Tying a Knot on 2020

by Carl Strang

I know of no one who is sad about putting the year 2020 in the rear-view mirror. I have posted my research highlights for the year already, but find some miscellaneous photos remain that will fill out the story. As I detailed in earlier posts, ditch hopping was an important activity through the summer.

Another view of a drainage ditch in Kankakee County

I paid a couple visits to the Chicago Park District’s Big Marsh for the first time this year. Of greater interest to me than the wetlands was an area of sparse vegetation in the eastern part of the park.

When I run across scenes like this I automatically want to check for unusual grasshopper species.

Indeed, I found my third population of pasture grasshoppers (Orphulella speciosa) for the region here, and a second population of Kiowa rangeland grasshoppers (Trachyrhachys kiowa) for Cook County.

A pasture grasshopper at Big Marsh Park
One of the Big Marsh Kiowas

There also was a strikingly marked nymph.

The white spots stand out. I don’t have a species ID.

I made a day trip to the Nachusa Grasslands, west of my study region. The area has a nice variety of singing insects.

One of the few Texas bush katydids (Scudderia texensis) I encountered in 2020. This Nachusa female provided a nice photo of her sharply bending ovipositor.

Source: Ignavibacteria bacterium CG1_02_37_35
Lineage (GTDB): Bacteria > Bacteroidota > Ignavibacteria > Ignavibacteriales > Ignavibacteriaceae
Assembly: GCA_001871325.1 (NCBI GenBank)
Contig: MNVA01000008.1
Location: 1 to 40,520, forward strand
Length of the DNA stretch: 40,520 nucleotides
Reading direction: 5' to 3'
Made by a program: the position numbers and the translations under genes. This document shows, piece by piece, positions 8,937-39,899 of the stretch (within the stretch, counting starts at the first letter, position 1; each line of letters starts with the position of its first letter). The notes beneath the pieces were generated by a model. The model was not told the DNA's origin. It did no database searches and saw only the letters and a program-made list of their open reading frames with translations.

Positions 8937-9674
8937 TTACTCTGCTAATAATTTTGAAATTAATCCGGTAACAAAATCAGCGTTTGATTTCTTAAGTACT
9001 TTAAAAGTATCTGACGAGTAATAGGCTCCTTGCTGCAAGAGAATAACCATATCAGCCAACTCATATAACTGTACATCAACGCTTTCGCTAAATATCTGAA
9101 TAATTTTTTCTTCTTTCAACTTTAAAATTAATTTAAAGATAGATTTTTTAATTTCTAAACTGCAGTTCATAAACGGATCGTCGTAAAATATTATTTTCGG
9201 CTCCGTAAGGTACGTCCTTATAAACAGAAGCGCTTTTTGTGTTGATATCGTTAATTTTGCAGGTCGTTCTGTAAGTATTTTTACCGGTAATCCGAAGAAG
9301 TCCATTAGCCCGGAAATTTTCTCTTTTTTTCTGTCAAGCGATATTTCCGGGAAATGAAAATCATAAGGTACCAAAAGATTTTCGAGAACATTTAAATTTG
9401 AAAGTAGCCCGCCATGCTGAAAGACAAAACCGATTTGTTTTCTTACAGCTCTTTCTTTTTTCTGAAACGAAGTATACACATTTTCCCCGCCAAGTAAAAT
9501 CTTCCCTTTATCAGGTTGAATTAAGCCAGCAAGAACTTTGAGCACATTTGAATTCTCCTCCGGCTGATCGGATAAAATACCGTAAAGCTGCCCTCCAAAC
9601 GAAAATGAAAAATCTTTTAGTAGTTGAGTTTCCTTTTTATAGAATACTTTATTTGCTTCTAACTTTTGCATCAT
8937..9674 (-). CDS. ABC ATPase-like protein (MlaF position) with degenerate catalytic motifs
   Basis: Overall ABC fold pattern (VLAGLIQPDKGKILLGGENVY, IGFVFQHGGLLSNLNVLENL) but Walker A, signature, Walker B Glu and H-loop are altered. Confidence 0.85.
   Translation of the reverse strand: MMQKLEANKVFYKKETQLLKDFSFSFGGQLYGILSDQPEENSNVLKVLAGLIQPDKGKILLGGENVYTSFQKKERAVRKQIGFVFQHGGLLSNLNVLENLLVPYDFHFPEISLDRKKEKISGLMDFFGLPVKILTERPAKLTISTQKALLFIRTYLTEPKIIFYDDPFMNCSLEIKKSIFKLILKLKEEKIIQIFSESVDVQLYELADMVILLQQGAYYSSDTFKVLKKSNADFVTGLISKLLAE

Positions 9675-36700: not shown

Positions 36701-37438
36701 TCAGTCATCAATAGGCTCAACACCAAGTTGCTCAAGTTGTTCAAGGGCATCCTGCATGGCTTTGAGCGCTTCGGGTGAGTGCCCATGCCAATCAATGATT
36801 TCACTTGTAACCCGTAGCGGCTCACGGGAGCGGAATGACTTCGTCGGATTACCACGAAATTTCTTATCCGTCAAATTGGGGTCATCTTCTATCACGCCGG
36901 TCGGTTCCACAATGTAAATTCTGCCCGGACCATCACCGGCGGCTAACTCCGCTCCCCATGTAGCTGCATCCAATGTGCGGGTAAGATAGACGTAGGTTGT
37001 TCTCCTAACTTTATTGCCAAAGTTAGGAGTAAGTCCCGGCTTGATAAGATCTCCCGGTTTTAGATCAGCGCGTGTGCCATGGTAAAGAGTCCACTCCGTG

In my home county of DuPage, West Chicago Prairie Forest Preserve provided some highlights.

The prairie cicada (Okanagana balli) population at West Chicago Prairie continues to respond to the Forest Preserve District’s restoration efforts.
These small cicadas are active for only a brief time in the early summer.

Later in the season I made a slogging trudge to a remote corner of West Chicago Prairie, hoping to find rare wetland katydids.

There were no new species, but a separate location for long-tailed meadow katydids (Conocephalus attenuatus), including this male, within the preserve.
This West Chicago Prairie female’s ovipositor, fading out of focus in the dim light that day, illustrates how the species gets its common name.

Finally, I continued both monitoring and restoration efforts at St. James Farm Forest Preserve.

Typocerus velutinus is one of the more common longhorn beetles in DuPage County.
While gathering Joe-Pye weed seeds to spread in our cleared area, I found this mating pair of walking sticks (Diapheromera femorata).

Clearly 2020 had much to offer, after all, and I hope for plenty of new encounters in 2021. Happy New Year to you.

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